How much does FEI rely on the emirates for funding, and would it really miss the money if endurance left the fold? Apart from providing the office building in Lausanne, we can never know how much cash, if any, donated by Princess Haya and other members of the Maktoum family has underpinned FEI HQ. Certainly Meydan openly sponsors all major endurance rides, partly because few others can afford it but also because most other uber-rich would not touch endurance with a bargepole. I can’t somehow see FEI HQ daring to tap the Silicon Valley trillionaires now steeped in jumping for a sub toward such a troubled discipline.

Qatar is the country throwing most money at show jumping. Now the WEG format has been pensioned-off, we can surely expect a jumping world championship application from the fabulous facility in Doha sooner rather than later?

China is another treasure chest waiting to be plundered. The FEI is investing heavily in this fledging federation, providing infrastructure, personnel and digital support in Mandarin. This is the first time it has catered for a member federation though its own language, rather than English.

Arguably the FEI should demonstrate more control over what it has already got before encouraging equestrianism in a vast land mass. One well-travelled official tells me that in the more remote parts of China, veterinarians mostly dispatch field-of-play casualties with potassium chloride. It is not a very comfortable end. This substance is only used for euthanasia in most western countries when the animal is already under general anaesthetic.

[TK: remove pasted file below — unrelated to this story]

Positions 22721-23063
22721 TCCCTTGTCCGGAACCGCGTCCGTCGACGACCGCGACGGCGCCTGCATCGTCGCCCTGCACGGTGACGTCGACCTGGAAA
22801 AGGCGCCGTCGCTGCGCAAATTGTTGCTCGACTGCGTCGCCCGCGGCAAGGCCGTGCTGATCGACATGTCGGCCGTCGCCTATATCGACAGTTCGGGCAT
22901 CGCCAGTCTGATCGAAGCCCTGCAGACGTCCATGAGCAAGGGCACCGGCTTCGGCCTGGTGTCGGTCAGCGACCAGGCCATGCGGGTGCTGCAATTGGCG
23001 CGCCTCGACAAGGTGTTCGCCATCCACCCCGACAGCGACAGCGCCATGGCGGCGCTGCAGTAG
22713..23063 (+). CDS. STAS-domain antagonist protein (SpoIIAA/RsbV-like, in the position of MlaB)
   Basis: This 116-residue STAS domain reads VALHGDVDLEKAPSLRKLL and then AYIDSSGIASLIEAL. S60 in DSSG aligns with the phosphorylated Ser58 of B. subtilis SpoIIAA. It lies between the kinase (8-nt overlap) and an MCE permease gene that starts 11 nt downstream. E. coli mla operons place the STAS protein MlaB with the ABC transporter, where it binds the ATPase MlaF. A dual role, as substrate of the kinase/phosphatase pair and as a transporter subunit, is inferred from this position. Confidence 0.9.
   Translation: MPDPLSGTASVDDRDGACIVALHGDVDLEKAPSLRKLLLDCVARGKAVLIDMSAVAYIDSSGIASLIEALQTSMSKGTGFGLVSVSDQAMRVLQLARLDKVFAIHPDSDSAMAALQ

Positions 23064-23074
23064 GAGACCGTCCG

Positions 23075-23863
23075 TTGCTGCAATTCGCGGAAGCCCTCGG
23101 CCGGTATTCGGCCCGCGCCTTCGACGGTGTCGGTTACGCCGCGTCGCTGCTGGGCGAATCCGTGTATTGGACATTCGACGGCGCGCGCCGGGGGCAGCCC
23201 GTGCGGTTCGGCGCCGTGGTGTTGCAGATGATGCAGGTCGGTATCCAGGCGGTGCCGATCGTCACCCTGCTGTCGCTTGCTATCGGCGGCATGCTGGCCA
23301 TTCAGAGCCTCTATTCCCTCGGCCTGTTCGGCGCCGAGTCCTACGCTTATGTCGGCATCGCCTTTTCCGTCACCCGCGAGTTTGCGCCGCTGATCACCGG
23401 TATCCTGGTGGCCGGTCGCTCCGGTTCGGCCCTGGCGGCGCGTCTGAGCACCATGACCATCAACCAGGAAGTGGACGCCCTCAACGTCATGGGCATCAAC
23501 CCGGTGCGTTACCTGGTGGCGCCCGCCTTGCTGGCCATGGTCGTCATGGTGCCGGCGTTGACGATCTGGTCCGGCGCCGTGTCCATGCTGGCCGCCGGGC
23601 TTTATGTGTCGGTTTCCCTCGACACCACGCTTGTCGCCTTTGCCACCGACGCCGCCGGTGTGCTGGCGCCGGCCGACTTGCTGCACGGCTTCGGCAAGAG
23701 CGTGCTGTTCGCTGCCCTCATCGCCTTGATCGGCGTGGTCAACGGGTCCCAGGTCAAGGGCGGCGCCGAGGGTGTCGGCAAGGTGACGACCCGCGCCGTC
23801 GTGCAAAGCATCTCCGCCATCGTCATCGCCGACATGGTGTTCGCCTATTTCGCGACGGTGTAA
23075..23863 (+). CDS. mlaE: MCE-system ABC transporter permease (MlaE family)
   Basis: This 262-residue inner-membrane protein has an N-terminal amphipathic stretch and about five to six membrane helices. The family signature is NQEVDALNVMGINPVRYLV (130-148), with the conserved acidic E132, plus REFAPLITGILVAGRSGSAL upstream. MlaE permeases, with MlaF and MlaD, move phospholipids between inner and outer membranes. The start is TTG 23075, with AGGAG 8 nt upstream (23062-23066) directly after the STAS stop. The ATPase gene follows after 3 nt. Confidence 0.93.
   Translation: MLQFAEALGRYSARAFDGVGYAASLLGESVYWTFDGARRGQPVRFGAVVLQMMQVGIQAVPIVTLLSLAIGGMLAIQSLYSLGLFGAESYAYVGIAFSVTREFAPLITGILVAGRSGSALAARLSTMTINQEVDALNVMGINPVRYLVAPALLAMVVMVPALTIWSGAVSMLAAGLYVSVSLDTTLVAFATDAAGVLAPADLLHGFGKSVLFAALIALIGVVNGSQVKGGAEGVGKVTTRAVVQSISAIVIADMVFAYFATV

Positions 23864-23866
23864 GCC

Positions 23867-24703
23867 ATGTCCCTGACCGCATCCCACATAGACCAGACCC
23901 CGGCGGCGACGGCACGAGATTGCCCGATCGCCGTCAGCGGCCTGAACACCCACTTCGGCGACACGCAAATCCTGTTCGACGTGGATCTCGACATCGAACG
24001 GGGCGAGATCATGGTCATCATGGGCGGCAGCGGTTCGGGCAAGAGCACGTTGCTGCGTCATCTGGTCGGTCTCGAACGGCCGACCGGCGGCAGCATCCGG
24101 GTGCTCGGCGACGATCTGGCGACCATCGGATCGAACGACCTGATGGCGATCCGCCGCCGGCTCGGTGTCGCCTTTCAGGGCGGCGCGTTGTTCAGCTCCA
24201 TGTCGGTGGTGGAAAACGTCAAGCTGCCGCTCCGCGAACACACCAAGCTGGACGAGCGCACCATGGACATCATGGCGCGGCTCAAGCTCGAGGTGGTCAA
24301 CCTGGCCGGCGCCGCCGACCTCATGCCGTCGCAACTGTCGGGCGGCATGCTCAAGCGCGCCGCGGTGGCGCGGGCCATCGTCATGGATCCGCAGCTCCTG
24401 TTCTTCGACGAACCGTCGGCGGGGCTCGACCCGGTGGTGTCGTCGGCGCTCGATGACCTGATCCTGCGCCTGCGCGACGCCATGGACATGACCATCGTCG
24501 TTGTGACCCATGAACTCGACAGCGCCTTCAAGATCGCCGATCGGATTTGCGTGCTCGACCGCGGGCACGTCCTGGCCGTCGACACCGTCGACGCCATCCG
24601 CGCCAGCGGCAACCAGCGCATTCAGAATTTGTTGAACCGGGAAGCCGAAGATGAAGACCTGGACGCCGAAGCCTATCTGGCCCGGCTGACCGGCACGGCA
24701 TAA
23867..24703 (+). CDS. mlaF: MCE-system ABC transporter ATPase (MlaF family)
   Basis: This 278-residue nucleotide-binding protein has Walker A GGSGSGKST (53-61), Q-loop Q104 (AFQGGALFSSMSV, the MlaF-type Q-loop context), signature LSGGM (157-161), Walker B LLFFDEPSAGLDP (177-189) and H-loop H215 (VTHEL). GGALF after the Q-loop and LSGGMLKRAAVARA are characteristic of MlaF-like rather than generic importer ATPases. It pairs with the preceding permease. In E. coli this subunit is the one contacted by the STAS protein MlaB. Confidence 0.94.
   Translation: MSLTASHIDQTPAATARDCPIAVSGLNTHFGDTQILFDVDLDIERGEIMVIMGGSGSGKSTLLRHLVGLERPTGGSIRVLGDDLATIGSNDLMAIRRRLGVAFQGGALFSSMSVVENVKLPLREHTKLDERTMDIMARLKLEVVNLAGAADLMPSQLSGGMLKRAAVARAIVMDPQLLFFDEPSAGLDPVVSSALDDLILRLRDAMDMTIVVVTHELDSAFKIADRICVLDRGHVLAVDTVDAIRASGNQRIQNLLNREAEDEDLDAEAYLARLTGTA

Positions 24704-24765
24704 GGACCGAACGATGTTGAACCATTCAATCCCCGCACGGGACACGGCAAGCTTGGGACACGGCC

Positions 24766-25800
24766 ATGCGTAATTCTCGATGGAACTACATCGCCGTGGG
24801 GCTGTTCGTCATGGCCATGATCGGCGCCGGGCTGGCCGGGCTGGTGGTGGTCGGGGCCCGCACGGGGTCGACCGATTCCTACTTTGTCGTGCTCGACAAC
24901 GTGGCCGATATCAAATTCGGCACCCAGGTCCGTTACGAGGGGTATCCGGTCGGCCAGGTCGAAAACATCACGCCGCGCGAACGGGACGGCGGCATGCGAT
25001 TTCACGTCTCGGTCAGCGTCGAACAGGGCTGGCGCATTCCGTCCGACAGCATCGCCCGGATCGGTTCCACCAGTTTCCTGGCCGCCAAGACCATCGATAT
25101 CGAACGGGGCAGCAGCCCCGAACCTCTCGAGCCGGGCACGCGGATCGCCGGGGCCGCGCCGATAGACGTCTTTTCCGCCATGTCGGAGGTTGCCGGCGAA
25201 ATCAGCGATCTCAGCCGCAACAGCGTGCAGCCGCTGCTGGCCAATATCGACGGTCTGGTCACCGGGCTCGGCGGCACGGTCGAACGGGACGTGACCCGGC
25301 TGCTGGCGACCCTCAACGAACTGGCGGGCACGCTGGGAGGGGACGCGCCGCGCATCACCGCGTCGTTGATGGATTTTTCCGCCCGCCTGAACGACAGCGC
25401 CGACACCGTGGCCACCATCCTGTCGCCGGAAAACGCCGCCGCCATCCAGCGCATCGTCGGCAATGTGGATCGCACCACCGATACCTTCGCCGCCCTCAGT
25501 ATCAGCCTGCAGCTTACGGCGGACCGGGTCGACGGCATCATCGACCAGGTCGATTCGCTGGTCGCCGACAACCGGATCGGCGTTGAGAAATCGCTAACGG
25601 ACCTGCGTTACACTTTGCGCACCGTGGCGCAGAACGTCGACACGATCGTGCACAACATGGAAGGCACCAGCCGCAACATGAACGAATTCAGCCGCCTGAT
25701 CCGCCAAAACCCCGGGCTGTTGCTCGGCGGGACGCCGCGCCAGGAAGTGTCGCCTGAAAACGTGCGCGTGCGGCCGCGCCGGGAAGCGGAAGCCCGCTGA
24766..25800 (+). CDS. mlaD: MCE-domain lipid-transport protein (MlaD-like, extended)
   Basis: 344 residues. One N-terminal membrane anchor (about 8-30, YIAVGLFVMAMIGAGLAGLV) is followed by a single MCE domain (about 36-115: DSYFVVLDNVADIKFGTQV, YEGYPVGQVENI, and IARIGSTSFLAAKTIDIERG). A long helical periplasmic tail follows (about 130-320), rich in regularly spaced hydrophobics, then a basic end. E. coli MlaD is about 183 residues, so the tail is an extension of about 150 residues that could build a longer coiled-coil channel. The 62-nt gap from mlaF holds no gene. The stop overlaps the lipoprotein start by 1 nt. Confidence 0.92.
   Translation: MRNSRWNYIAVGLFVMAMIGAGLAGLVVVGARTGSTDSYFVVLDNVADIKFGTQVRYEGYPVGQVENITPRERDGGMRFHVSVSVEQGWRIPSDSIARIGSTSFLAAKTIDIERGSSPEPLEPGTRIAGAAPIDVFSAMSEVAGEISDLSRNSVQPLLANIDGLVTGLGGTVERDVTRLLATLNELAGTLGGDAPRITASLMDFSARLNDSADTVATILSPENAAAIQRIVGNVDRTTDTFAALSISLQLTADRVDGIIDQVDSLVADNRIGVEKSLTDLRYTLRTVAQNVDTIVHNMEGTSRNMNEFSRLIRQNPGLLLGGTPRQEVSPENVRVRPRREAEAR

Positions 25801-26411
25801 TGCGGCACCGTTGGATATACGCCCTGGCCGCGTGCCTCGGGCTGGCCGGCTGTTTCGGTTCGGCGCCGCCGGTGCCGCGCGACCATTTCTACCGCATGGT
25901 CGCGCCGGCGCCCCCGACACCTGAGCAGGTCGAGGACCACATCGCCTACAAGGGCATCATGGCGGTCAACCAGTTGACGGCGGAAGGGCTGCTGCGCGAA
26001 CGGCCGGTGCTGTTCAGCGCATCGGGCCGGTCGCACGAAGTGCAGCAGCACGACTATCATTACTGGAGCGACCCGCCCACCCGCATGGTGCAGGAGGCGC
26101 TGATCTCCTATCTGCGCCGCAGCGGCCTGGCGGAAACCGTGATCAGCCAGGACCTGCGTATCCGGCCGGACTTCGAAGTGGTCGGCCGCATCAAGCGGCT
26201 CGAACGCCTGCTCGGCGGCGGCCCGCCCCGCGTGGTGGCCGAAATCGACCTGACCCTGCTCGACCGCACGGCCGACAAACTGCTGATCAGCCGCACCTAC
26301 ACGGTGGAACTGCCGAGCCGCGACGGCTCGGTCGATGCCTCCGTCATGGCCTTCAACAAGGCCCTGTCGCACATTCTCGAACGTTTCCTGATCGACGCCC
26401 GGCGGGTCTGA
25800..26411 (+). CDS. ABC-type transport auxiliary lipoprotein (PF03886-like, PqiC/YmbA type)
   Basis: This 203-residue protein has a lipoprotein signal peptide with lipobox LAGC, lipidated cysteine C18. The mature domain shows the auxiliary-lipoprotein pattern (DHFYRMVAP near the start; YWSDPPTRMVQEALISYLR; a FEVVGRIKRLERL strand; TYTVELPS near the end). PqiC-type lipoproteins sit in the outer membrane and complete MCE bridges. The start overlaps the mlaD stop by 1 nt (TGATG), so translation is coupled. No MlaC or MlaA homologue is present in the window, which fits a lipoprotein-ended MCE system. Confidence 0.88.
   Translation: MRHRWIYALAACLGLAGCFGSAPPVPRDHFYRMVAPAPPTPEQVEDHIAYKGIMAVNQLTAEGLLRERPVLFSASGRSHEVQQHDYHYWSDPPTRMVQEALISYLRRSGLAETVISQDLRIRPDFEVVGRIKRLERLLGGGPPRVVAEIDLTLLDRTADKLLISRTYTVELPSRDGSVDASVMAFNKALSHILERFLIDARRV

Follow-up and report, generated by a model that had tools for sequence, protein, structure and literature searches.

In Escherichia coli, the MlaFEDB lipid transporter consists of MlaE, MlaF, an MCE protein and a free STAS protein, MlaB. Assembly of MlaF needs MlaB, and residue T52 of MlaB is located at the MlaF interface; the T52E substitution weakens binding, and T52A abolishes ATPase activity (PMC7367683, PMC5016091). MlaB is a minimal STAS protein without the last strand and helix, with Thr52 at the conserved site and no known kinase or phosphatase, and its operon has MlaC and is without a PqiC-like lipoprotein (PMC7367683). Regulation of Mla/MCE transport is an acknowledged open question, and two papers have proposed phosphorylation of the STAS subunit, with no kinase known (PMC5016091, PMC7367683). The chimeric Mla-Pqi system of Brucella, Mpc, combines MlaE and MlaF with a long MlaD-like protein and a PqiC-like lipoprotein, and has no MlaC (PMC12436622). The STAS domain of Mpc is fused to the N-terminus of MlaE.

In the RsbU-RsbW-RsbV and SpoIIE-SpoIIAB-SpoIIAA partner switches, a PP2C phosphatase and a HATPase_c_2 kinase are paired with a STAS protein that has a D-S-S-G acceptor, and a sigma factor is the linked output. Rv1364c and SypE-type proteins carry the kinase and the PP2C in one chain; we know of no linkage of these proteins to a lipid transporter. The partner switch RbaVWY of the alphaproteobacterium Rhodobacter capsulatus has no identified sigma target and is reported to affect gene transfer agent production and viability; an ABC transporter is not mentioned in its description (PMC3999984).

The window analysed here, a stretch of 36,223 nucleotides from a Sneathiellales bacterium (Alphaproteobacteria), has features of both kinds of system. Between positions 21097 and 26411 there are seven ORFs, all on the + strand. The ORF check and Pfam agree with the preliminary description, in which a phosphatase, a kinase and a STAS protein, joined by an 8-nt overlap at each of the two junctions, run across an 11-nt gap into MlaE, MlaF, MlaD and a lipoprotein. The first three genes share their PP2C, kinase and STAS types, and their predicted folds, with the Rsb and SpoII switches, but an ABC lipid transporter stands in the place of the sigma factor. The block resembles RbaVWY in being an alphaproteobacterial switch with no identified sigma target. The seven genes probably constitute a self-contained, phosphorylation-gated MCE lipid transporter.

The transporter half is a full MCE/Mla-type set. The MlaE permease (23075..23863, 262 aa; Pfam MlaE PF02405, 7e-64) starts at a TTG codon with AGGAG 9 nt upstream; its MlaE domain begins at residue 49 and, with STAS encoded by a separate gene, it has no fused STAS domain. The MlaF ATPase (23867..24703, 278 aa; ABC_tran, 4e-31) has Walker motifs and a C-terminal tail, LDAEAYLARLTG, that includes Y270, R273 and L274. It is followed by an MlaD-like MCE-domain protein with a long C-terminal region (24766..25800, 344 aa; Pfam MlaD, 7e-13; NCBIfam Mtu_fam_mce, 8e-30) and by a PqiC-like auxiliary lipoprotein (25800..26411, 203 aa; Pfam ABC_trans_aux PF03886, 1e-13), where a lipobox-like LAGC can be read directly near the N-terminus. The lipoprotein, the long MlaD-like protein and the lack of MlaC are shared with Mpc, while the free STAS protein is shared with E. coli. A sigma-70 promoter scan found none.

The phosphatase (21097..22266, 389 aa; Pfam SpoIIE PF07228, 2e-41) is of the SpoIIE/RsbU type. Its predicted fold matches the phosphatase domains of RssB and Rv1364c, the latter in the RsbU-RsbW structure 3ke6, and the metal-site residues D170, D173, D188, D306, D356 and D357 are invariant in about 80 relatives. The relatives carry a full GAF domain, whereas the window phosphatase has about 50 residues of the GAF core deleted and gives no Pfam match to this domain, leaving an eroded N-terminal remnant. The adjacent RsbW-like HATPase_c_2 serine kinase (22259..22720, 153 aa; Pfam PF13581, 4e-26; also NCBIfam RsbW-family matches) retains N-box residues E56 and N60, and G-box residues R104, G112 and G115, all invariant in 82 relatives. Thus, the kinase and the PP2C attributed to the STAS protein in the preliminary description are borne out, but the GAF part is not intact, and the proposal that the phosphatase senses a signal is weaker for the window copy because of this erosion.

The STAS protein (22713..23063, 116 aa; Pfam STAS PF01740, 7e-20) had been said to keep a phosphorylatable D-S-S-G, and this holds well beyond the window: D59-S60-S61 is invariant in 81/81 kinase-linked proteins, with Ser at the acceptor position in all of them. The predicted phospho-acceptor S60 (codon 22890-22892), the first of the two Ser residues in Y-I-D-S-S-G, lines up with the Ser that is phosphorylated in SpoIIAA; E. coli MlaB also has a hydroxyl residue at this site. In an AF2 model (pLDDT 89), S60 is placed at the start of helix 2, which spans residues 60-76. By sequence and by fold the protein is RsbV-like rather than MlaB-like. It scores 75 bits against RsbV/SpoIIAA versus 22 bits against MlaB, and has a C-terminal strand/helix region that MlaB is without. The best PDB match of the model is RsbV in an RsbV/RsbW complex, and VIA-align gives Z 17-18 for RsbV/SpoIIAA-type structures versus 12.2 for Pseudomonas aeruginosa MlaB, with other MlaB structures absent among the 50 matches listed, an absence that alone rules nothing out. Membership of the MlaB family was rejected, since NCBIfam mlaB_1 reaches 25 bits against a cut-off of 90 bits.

It’s Catch 22, for if the FEI does not establish standards from the outset, developing equestrian nations are in danger of going off-piste – just as endurance did in the Middle East. I hope the recent suspension of three eventing riders in India for drugging offences is not typical of all the developing equestrian nations trying to run before they can walk. All three were sampled at the same one-star, returning a strike rate for a single competition of 75%. Yikes.

The inevitable dichotomy of the solidarity programme is that grass roots competition in “new” nations is organised by the FEI. These countries don’t have bodies like Eventing Canada or the US Hunter Jumper Association or British Dressage from whose domestic competitions the more able migrate to FEI after gaining considerable mileage and skills.

Thus we see a lowering of all FEI standards, through the invention of easier entry-level classifications. Most of us could hop over cross-country jumps from our own two feet at the new one-star level. This in turn encourages a “wing and a prayer” approach, even in countries with an eventing heritage; hardly compatible with the ongoing effort to reduce rotational falls.

Finally, after all the angst involved in agreeing the format changes that will keep equestrianism in the Olympic Games (to Paris 2024, surely?) I could hardly bear to read Ingmar’s mention of the IOC’s latest spanner in the works – a concept curiously called the “New Norm.” Among other things this will keep “costs of the equestrian competitions under control.”

Well, 200 riders and horses in three to-a-team are just as expensive to transport and accommodate as 200 riders and horses doing four to a team, and I don’t somehow think a three-star cross-country is substantially cheaper to build than whatever we’ve had to date. No wonder the vaulters are getting excited